Nicholas Walton is the first to admit that personal finance is not his strong point. The BBC World Service producer has had his Lloyds TSB current account since he was 19 and has been meaning to switch for years. "Like much of my financial situation, I plan to do something but just don't get round to it."
His Gold Service account costs £60 a year. He gets free travel insurance for this but that's about it. "I've considered a switch to Smile or the Co-op for ethical reasons, as well as better rates for being in credit."
Nicholas says his savings could also do with an overhaul. He has built up £6,000 in Smile's online account, on which he earns 3.5 per cent interest. And he keeps £300 "from my school days" in a Newcastle building society account.
"I'm very interested in mini cash individual savings accounts [ISAs] and would be interested in an equity ISA too. However, it's vital I can gain access to my money in an emergency."
Nicholas recently bought a flat in East Dulwich, south-east London, for £175,000. He has a £112,000 mortgage with the Woolwich, which is made up of two elements, each on a "rolling discount" of 5.34 per cent on the bank's standard variable rate (SVR). The first part is a £30,000 repayment loan, the other an £82,000 interest-only loan attached to a unit-linked Winterthur Life endowment, which he took out in 1999.
Nicholas feels he could secure a better mortgage by switching the interest-only portion to a repayment deal, but he isn't sure if he could afford it.
A question mark hangs over the endowment plan too: "Should I keep the policy as a savings plan for the future?"
For four and a half years, he has paid 5 per cent of his salary into the BBC final salary pension. He is keen to boost his retirement fund, either by buying "extra years" through backdated payments, or making additional voluntary contributions (AVCs).
He has no insurance protection apart from that in his Winterthur Life endowment.
Interview by Sam Dunn
Nicholas Walton, 32, from East Dulwich, London.
Job: senior producer for the BBC World Service.
Income: up to £35,000.
Savings: £6,000 in an internet account, £300 in a building society account.
Goal: to improve his mortgage, make savings work harder and switch current account.
Nicholas should be able to remortgage to a repayment loan, agree Gillian Cardy of independent financial adviser (IFA) Professional Partnerships and Danny Cox of IFA Hargreaves Lansdown.
He should act now on his savings and current account and switch to more competitive deals, says Anna Sofat of IFA Destini Fiona Price.
Nicholas must check what the penalties are for cashing in his endowment. If they aren't extortionate, this would be worth doing, as he could use the proceeds to clear part of his debt, advises Ms Cardy. "He could then remortgage the loan for the [new] smaller amount on a repayment basis."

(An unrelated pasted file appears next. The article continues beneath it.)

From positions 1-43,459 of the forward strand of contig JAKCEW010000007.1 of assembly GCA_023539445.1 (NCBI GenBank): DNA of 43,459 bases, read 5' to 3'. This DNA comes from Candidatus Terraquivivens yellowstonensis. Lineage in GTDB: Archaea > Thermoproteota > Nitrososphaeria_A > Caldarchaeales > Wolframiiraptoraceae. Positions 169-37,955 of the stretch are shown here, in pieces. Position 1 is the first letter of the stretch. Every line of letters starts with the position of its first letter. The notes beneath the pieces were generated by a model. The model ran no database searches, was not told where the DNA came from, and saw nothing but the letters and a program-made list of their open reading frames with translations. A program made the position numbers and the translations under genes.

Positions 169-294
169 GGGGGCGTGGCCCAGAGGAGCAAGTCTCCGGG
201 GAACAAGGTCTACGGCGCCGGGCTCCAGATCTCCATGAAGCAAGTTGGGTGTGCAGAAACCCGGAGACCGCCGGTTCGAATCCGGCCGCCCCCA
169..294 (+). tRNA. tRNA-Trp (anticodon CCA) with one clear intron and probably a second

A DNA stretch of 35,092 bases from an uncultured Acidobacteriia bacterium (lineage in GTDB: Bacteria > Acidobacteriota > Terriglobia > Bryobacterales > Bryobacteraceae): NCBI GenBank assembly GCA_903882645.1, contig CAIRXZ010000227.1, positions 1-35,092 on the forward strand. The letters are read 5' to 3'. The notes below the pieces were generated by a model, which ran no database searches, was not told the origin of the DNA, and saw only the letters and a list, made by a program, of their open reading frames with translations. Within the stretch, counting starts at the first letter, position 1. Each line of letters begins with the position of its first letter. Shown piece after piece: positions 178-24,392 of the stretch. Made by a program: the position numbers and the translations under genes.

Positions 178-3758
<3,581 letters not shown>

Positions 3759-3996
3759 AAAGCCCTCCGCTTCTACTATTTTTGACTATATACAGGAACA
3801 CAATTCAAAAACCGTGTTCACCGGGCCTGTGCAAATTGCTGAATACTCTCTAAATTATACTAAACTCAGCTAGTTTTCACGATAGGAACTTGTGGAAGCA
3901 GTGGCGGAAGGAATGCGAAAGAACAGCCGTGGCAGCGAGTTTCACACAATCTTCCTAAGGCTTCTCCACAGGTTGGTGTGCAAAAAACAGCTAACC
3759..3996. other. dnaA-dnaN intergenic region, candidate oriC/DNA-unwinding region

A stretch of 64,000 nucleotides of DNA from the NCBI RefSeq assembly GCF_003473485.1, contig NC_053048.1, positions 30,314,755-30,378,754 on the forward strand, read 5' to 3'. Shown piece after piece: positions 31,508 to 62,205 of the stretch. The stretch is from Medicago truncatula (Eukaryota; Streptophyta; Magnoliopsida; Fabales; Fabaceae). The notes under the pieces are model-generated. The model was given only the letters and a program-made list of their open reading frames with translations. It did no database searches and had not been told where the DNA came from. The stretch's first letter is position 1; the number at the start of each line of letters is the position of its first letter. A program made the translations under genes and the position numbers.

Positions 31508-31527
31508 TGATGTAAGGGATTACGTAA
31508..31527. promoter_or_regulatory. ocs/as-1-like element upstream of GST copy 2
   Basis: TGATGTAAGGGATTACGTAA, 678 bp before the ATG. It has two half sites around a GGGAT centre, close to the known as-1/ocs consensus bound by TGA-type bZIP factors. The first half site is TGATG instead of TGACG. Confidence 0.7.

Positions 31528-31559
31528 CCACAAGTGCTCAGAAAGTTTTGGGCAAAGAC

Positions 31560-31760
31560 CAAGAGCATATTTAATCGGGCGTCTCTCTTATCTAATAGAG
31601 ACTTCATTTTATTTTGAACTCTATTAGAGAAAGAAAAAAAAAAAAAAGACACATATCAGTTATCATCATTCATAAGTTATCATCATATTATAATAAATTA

The endowment also gives Mr Cox cause for concern. "I estimate that the combination of the two parts of his mortgage and the endowment costs £736.27 a month. If this was switched over to a full repayment loan of £112,000 over the next 19 years, that would cost £761.30 a month." In other words, for not much more money, Nicholas could be certain that his mortgage would be paid off at the end of the term of the loan.
These sums are based on a two-year fixed-rate deal at 5.34 per cent. By extending the loan beyond 19 years, Nicholas could further reduce his payments, says Mr Cox.
Ms Sofat suggests switching to a discounted deal instead, since "rates are expected to increase in the very short term but then decline next year". Britannia offers a 4.99 per cent two-year discounted deal.
Nicholas should first switch £3,000 from his Smile account into a mini cash ISA, advises Mr Cox. Portman building society will give him 5.5 per cent tax free - a huge improvement on what he is getting with Smile, Mr Cox says. But this includes a 0.65 per cent bonus for the first six months. Ms Sofat prefers Abbey's 5.35 per cent cash ISA as it carries no bonus that will soon disappear.
She suggests switching the rest of his savings from Smile, and the £300 from Newcastle, to an account paying more interest. ING Direct pays 4.89 per cent and the AA 5.36 per cent, though the latter includes a 0.7 per cent bonus for the first 12 months.
Once Nicholas is in a stronger position, he should consider saving regularly into a mini UK stocks and shares ISA, adds Mr Cox.
"Paying extra for premium services is usually a complete waste of money as people rarely benefit from the extra facilities," says Ms Cardy.
The basic Lloyds TSB Gold Service account offers just 0.1 per cent interest, and Ms Cardy recommends a switch to Cahoot, which pays 4.17 per cent on balances of as little as £1. Alternatively, a move to a Smile current account would allow Nicholas to stick to his ethical stance and earn 3.25 per cent interest, says Ms Sofat. Mr Cox suggests Alliance & Leicester's current account: it pays 5.37 per cent on balances.
If Nicholas stays at the BBC, it's worth sticking to its final salary pension scheme as it's "first class", says Mr Cox.
On top of this, buying extra years would be preferable to AVCs, Ms Cardy says.
But for a precise comparison between the two, he should visit a pensions specialist, advises Ms Sofat.
The BBC's sickness benefits will probably be adequate, says Ms Sofat, but Nicholas should check whether he has enough emergency funds to make up any shortfall.
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